Amy is a working mum of two from Australia. Between her kids (who are nine years apart) she’s been working in the natural health industry, which has opened her eyes to the down side of many aspects of modern life. Since having a new baby she started a journey to find a more natural, holistic way of living. Amy wants to share what she finds with other mums who are looking to change their way of thinking and have happier, healthier, more eco-friendly lives! She blogs at An Aussie Mum’s Guide to Eco Friendly Babies.

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16 thoughts on “Plastic Wrapped Bananas: Guest Post

  1. I wrote about the plastic wrapped bananas a while ago too, because they’re just so ridiculous. It’s really not that hard to buy just one banana if that’s all you want. It would at least work for convenience stores if not for vending machines.

    Overpackaging gets really ridiculous these days. I really detest the little 100 calorie packages of foods. I know they help if you aren’t so good at self control, but they’re still a ridiculous amount of packaging for a small amount of food. People could do much better to make their own 100 calorie packages and reuse the packaging. Doesn’t even take that long, and you can include healthier options than what most those snacks are anyhow.

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  3. It’s funny that I read this today. I noticed plastic packaged “sweet potato spears” at the grocery store today, which my husband and I had a good laugh at while I chopped sweet potatoes for supper. (which took me all of about seven minutes…)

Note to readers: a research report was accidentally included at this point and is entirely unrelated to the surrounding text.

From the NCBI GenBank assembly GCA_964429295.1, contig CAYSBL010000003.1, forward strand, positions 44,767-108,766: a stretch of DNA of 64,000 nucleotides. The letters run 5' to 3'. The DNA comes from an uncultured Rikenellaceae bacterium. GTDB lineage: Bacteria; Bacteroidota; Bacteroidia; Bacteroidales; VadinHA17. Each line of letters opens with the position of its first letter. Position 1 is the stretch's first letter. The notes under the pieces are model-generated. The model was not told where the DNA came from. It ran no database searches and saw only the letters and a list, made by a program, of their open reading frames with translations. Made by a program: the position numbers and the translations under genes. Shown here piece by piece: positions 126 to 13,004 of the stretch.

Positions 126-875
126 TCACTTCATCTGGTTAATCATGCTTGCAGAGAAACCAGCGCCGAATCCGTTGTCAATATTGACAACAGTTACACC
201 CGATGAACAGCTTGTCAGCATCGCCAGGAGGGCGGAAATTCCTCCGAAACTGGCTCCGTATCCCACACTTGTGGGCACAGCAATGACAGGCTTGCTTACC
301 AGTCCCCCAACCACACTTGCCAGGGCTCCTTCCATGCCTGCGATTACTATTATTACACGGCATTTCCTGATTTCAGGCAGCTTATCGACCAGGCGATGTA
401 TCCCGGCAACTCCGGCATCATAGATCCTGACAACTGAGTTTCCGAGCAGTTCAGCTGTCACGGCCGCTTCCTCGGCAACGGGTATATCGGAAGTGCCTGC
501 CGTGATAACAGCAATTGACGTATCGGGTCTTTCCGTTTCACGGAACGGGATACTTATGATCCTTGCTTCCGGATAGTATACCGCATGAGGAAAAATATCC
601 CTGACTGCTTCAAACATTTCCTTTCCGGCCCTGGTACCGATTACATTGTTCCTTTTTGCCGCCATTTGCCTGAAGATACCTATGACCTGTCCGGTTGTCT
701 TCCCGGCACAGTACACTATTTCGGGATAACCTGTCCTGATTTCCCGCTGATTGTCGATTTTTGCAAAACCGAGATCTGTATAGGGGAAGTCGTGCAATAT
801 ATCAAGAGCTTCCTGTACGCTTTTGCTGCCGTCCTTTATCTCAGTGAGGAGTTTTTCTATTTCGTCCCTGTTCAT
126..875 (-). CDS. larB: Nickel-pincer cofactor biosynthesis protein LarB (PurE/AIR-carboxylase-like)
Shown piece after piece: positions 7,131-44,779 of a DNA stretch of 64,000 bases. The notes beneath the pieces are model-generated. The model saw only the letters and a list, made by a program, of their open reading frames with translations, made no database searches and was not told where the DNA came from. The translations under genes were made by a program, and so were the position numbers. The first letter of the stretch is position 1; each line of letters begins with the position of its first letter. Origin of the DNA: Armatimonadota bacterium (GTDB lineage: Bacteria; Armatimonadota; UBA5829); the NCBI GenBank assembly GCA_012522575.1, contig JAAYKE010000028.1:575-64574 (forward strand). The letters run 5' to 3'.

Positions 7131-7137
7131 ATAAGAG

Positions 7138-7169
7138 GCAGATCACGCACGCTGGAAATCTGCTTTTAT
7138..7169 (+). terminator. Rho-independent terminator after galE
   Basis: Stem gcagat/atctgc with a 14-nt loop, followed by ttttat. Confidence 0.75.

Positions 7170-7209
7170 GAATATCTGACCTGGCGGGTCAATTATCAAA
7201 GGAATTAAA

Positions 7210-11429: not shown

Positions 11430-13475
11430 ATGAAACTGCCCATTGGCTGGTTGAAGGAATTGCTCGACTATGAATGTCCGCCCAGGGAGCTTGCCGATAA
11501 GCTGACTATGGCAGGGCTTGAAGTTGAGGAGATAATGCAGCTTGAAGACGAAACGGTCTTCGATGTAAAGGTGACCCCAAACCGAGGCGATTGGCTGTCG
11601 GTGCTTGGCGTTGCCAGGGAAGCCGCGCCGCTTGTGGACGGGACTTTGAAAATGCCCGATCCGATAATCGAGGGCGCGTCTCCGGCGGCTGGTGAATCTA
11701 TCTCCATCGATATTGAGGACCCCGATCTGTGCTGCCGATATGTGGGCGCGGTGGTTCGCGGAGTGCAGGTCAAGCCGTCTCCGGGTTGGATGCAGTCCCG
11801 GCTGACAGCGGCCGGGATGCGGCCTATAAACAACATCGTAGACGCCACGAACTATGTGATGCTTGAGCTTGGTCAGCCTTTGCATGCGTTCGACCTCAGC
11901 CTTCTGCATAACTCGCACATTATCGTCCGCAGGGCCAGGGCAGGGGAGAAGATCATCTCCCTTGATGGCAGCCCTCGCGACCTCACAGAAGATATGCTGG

Also, I have a HUGE bag of styrofoam pieces in my storage room that I can’t quite bring myself to throw out. There has to be some use for it somewhere…

    Good post!

  4. Oh that is just crazy! Talk about wasting the enviroment, it is easier just to get one of those banana boxes which you can use over and over again to protect your banana

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  6. i’ve already stopped buying bananas completely due to the carbono footprint (then again, i live in the US PNW, not australia).

  7. Yeah. That’s really weird. If there’s anything that doesn’t need packaging, it’s a banana. Built-in package included!

    Maybe if we could get Del Monte to EMAIL bananas, we could get on the right track.;-)

  8. i think we should all do as the german’s have done. when i was living there- you only had one trash barrel that would be picked up. so you would literally see people unwrapping certain products with excessive packaging and leaving it on the shelf for the store to discard of. stores were also fined if they had too much packaging- so they stopped carrying the brands that had too much until they reduced their packaging. sadly, the only solutions these days must be related to money. but they are effective.

  9. GREAT post!!!!!! I agree with you on the people being inept and not being able to chop celery, and also the microwave packaging. There has got to be a better way!

  10. If I still lived in California, with a lower water content in the air, I would likely agree with you. Instead, I live in Washington where we almost never dry out.
    So when I buy bananas at Costco on Saturday afternoon by Sunday afternoon I’ve got fruitflys and by Tuesday morning they’re starting to go slimey bad. I go grocery shopping once a week, if not once a month. (I buy bulk and freeze fruit, vegetables, and meat and buy bulk whole grains and beans)
    Costco started carrying plastic wrapped bunch bananas a couple months ago and I like it. It extends the life of my bananas by at least a week. It’s Thursday today and the bananas that I bought this last Saturday are still just starting to get little brown spots.
    Once the bunch is gone, I either reuse the bag for something else or I recycle it.
    Now would I buy a single banana wrapped in plastic? Why would I? I have a perfectly good bunch sitting on my counter.